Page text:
According to the annual reports of World Bank, Singapore is the top country where professionals can think of running a successful business. A recent interview with BBC News pointed out that the country is an efficient platform from where both export and import transactions can be executed. Additionally, Singapore also makes a good choice for minority shareholders and investors.
Eligibility Criteria for starting a business set-up in Singapore†
- For starting a business in Singapore you need to provide your Standard Subject Identification Code (SSIC code),
- local address and
- get it registered with Accounting and Corporate Regulatory Authority (ACRA).
- You need to also obtain working capital in the form of loans, savings, government capital or investors so as to set up a business.
- Setting up your accounting system and creating a new bank account exclusively for your business is of utmost importance.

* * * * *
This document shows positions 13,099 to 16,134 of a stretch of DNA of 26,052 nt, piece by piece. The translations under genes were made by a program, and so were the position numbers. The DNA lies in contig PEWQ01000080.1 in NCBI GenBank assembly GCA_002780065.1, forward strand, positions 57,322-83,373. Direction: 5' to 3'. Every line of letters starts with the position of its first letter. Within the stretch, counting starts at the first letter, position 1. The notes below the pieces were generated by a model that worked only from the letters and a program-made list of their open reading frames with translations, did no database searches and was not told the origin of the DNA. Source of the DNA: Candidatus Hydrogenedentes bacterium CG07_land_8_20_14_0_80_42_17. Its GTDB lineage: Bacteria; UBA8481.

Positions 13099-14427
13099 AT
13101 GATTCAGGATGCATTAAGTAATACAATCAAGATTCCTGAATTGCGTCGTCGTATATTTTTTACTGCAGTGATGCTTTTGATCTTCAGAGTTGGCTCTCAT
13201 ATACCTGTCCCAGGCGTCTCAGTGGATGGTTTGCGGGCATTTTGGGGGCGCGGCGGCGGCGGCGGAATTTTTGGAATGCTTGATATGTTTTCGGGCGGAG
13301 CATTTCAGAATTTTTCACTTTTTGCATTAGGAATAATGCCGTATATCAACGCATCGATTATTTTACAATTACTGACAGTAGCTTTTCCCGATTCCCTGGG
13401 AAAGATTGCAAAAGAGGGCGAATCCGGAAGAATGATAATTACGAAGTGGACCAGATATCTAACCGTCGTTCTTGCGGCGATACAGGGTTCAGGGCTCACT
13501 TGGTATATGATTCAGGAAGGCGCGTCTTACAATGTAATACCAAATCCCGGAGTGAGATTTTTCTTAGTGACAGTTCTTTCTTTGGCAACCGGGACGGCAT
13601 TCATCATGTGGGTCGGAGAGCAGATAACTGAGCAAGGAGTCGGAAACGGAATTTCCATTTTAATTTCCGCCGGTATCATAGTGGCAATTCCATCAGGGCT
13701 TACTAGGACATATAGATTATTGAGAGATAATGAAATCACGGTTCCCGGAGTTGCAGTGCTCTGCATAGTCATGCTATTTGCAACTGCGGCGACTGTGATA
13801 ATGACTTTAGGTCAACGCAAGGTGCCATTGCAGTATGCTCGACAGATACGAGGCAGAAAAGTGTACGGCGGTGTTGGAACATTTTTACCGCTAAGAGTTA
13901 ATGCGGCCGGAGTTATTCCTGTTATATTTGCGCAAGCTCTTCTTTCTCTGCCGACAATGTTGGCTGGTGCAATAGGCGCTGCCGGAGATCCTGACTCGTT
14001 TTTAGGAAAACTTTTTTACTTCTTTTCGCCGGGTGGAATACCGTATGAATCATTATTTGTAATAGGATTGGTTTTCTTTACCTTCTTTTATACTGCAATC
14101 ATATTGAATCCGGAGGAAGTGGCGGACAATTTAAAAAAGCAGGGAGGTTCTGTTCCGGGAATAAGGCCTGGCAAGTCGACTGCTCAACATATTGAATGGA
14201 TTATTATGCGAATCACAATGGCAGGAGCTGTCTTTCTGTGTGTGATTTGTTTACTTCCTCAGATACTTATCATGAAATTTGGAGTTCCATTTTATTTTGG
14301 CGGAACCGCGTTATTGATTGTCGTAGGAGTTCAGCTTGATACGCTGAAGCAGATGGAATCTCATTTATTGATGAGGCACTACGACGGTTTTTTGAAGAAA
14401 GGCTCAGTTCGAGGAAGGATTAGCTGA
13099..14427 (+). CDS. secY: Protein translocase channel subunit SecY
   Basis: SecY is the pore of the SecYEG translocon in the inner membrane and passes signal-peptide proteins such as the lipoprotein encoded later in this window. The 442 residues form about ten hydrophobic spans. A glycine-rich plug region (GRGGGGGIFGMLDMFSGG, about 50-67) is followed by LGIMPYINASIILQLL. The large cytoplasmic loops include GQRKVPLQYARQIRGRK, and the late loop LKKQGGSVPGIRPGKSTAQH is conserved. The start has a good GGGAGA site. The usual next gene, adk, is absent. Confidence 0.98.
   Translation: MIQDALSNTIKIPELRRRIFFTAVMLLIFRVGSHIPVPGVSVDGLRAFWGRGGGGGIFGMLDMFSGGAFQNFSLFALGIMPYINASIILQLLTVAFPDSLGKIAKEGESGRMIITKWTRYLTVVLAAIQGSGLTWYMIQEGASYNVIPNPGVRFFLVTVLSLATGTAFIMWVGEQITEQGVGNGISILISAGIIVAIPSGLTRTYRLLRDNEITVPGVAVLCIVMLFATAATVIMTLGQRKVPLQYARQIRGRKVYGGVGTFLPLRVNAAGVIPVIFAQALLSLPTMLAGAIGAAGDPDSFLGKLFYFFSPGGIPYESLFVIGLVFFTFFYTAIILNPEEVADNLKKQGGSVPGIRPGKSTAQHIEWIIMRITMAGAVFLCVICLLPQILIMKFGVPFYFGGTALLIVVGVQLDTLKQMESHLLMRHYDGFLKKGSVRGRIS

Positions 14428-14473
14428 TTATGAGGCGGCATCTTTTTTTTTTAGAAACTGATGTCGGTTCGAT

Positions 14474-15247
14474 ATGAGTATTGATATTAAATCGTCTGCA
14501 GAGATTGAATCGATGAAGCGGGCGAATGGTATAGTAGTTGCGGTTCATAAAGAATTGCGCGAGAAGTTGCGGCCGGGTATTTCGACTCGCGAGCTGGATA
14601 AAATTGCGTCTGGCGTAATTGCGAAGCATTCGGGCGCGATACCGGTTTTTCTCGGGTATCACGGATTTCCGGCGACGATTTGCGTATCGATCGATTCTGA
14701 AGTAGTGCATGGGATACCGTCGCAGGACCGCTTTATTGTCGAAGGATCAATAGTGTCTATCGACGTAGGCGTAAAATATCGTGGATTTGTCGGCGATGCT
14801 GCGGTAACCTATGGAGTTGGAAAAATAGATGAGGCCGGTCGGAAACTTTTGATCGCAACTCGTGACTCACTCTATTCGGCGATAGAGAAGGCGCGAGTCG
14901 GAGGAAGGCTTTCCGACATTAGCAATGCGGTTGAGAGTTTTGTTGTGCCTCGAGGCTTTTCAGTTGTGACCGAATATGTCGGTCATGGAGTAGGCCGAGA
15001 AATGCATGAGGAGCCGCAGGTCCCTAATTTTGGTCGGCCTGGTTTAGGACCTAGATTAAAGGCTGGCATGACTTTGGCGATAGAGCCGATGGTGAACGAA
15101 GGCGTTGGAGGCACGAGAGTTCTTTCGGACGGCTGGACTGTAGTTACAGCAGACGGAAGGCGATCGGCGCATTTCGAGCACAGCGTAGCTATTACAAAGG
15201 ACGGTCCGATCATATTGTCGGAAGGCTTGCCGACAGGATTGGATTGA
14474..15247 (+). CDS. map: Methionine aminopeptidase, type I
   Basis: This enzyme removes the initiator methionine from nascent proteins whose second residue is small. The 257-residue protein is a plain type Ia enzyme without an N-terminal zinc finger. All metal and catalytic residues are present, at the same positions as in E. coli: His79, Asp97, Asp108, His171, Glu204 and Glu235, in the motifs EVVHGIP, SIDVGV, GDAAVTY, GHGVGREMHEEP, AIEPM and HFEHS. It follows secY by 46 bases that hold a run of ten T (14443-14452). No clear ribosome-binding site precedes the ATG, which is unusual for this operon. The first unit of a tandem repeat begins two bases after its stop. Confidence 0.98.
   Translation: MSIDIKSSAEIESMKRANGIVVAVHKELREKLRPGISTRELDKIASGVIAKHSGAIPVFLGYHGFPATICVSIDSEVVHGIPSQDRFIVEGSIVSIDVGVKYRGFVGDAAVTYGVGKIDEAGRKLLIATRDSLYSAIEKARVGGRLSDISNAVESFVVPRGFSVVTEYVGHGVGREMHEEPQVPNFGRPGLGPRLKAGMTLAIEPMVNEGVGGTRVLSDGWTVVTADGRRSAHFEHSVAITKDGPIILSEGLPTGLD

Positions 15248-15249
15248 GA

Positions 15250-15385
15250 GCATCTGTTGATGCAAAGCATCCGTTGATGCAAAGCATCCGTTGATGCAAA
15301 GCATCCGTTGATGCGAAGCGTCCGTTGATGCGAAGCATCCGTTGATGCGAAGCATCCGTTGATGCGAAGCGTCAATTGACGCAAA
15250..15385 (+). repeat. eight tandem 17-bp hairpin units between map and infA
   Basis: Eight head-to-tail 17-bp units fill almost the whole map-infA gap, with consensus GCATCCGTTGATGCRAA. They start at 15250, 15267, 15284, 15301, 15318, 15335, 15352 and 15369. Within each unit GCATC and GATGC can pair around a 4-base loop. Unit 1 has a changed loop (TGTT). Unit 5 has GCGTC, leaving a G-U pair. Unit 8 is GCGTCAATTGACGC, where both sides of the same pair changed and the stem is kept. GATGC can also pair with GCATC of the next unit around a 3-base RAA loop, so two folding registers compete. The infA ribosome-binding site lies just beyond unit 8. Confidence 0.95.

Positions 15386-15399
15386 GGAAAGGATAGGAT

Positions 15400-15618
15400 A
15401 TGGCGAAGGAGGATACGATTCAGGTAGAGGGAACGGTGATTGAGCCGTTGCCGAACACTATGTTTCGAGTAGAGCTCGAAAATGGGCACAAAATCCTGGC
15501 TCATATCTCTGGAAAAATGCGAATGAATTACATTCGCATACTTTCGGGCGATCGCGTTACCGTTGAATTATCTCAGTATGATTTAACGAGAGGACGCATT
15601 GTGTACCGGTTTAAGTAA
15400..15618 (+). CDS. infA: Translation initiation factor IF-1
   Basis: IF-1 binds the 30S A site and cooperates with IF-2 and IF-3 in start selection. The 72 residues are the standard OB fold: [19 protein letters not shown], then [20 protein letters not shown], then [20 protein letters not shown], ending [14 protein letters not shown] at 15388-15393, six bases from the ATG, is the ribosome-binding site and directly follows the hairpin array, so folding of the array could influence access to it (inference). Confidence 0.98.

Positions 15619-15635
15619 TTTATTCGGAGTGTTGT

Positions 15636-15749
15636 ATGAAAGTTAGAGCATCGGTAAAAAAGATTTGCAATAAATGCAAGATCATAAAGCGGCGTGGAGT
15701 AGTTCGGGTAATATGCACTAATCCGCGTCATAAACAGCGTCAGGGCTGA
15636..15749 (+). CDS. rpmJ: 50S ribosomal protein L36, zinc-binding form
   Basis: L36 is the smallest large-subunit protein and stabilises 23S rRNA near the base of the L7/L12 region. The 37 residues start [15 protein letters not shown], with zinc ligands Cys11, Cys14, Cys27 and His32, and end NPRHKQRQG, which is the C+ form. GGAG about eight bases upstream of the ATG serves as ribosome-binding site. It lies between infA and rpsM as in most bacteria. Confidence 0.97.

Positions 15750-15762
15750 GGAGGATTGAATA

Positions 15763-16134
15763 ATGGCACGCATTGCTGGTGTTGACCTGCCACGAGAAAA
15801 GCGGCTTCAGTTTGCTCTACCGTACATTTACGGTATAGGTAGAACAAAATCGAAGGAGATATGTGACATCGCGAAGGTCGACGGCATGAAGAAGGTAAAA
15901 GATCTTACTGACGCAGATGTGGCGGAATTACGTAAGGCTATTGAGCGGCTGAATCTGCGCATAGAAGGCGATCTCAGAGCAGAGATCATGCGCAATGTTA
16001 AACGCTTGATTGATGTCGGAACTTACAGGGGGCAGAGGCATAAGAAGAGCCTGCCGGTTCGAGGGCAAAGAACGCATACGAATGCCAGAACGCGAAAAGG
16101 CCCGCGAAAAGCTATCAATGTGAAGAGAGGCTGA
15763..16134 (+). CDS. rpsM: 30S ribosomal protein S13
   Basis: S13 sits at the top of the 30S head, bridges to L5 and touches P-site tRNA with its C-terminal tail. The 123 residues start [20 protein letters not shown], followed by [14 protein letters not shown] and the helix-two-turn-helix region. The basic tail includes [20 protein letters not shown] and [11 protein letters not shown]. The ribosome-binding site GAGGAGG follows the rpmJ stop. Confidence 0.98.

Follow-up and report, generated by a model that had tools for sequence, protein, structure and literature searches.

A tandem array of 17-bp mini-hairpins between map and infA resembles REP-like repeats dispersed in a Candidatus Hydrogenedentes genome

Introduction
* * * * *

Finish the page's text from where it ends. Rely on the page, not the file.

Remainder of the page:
- Besides, you need to gain familiarity with your tax obligations prior to setting up your business.
- You cannot come up with your personal business structure in Singapore unless you have applied for the relevant permits and licenses.
- The license and permits you apply for usually depends on your activity and industry type.
1. Business activity licenses and permits
2. Compulsory licenses
3. Occupational licenses for professional services
Requirements for†starting a business set-up
† Before you set up a business in Singapore, you need to consider the following points:
- When you are planning to set up a business, you need to first determine whether it is a private limited company, limited liability partnership, partnership or sole proprietorship enterprise.
- You need to provide complete details of the business premise you are choosing. It can be anything starting from commercial premise to government managed premise and home office.
- Make sure to research your market trends, size, competitors, market need and above all target customers prior to setting up your business.
- Chalk out your financial plan and set your business plan prior to making a move.